Part of Their World by Gevura Davis
When I was a little girl, my favorite Disney movie was The Little Mermaid. I spent my entire childhood summers in the pool, singing “Part of Your World.” I would pretend to be Ariel and twirl around underwater, dreaming of my prince and a world out there waiting for me to discover, and to be truly happy in.
Recently, that song came into my head, and I started singing it to my daughter, who hasn’t seen the film. As I started thinking about the words, I was suddenly overcome with sadness at the meaning behind the song. In retrospect, I realized I actually spent and continue to spend a tremendous amount of mental energy suffering from a similar “Ariel” syndrome. Ariel, by her own admission, has everything she needs, and yet all she wants is the one thing she can’t have: to be someone else. To be part of someone else’s world. In fact, she so much wants to be someone she is not, she is willing to give up her voice and leave behind her family and everything she knows to join a world that seems so much better, somewhere out there.
Admittedly, it is just a fairy tale, but how often do we suffer Ariel’s same fate without the happy ending? How often do we find ourselves looking out at other people’s lives and dreaming we could be living them? I suppose that’s why news organizations make an obscene amount of money reporting other people’s lives, and why we are so obsessed with reality TV. It seems that somewhere-over-the-rainbow happiness eludes us. Their grass is always perfectly green, or at least greener than ours.
The reality, of course, is that we never really understand someone else’s world until we have walked in their shoes, and as the old fable goes, by that point we would likely realize we prefer our own world. We make assumptions about other people and believe the fantasy that others’ lives are more interesting, more peaceful, more carefree and quite simply better. Of course, most of it is an illusion. We can’t understand other people’s lives. In fact, a famous study published in Psychology Central confirmed that “The longer college students spent on Facebook, the worse they felt about their own lives.”
I suffer from this, too. Life is good. Very good, in fact. I have everything I really need to be happy: a wonderful husband; amazing and healthy children; a job I Iove, find meaningful and feel valued in; many close and strong friendships; a beautiful house. And yet, I often look in on other people’s lives and wonder why I can’t be more like them. Why can’t I do more and be better at so many things? In an age when we so much see into other people’s lives, it’s easy to look through the glass and wish that we were “part of their world.” A world other than our world. A nicer house. Better clothes. A higher-paying job or more success. Kids that don’t embarrass me in public. Full-time house help and, while I’m at it, a full-time chef. An interior designer. A way to eat whatever I want and not gain weight. More inner peace. Of course, in reality, I am glad to be me, but perhaps there is a person out there with fewer challenges.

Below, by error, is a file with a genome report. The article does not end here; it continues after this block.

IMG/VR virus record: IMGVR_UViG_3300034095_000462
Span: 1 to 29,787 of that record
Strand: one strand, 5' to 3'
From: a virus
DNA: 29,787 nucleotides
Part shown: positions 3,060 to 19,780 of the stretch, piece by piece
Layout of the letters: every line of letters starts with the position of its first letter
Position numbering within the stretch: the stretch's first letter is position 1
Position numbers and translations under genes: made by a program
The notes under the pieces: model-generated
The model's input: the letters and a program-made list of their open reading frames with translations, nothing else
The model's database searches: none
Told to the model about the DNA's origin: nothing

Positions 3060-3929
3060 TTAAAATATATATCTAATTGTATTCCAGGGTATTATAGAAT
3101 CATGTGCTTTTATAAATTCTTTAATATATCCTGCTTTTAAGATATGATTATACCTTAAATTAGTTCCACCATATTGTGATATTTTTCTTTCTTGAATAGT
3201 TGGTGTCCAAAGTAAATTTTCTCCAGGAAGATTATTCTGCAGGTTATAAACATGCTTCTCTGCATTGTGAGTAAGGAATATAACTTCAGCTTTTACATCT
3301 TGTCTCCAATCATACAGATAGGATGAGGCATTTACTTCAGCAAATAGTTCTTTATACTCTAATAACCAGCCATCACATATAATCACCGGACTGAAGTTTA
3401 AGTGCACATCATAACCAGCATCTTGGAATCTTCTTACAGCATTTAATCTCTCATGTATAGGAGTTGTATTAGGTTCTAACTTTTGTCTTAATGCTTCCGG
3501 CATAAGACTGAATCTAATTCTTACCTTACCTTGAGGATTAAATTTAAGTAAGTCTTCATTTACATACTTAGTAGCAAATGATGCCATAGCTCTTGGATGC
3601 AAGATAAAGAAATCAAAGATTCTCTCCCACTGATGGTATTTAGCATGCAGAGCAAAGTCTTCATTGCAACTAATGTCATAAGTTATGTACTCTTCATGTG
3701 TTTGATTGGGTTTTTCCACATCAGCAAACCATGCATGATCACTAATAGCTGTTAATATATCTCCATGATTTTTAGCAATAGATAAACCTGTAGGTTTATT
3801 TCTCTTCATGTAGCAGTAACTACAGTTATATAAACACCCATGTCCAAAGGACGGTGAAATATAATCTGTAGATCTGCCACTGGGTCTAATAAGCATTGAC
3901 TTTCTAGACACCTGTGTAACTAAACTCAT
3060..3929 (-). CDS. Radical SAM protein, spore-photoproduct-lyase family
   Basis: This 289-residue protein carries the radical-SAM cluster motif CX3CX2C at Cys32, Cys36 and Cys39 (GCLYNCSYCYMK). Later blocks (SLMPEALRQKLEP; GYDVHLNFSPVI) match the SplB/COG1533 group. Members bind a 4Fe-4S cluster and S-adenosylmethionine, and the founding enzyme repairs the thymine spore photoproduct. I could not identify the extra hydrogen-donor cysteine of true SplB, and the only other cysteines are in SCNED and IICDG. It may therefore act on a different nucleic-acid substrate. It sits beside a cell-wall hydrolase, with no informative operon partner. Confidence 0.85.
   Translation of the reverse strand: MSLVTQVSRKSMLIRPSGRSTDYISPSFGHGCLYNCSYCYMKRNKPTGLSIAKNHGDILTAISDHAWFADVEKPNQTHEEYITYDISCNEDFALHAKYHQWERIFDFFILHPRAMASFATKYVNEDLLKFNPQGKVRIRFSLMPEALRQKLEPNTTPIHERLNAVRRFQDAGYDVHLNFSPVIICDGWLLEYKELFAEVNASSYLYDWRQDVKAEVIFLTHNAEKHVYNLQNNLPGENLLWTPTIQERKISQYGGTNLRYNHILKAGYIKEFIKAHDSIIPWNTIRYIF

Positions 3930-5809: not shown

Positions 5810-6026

This week, we will be reading the final section of the entire Torah, Parshat V’zos Habracha. The Torah, the book of wisdom and guidance for living successful and meaningful lives, ends with Moses dispensing his final pearl of wisdom. He reiterates a unique and special blessing for the individual tribes, similar to what Jacob did on his death bed. Moses doesn’t simply give one blanket blessing. Rather, he specifies that each group will receive something special and individual to them. From this we learn a very timely and important message. People are different. Each person has a unique and special mission. Every individual will have a different life that reflects this. Our job in life is to be an active part of our world, not their – anyone else’s – world. As the saying goes, “Be you, because everyone else is taken.”
This doesn’t mean we should be content with our shortcomings and give up trying to change. Quite the contrary, we must strive to be the best us we can be. We are each blessed with tremendous potential, an unbelievable soul that G-d sent into the world to live a full and wonderful life. The key is to live our lives well with the tools and challenges G-d handcrafted uniquely for us so that we can shine, not dream about being someone else with different life circumstances.
It is not a coincidence that we are reading this section during Sukkot, the time of our happiness, according to the sages. The Torah is telling us that if we truly want to be happy, we have to live our best, unique lives. A great and wise sage, Rabbi Shalom Noach Berezovsky (1911-2000, the Slonimer Rebbe, author of “Netsivos Shalom”) explains that happiness is being authentic, living our lives according to a purpose. Each of us is blessed with all of the skills and tools and challenges we are meant to have. Our job in life is to be the best person we can be.
My special blessing to myself and all of you is that we should learn to be content with our own worlds and never feel a desire to be part of their world.
Gevura Davis is Director of Women's Programming for Etz Chaim Philadelphia where she enjoys meeting and connecting to Jewish women of all ages and backgrounds.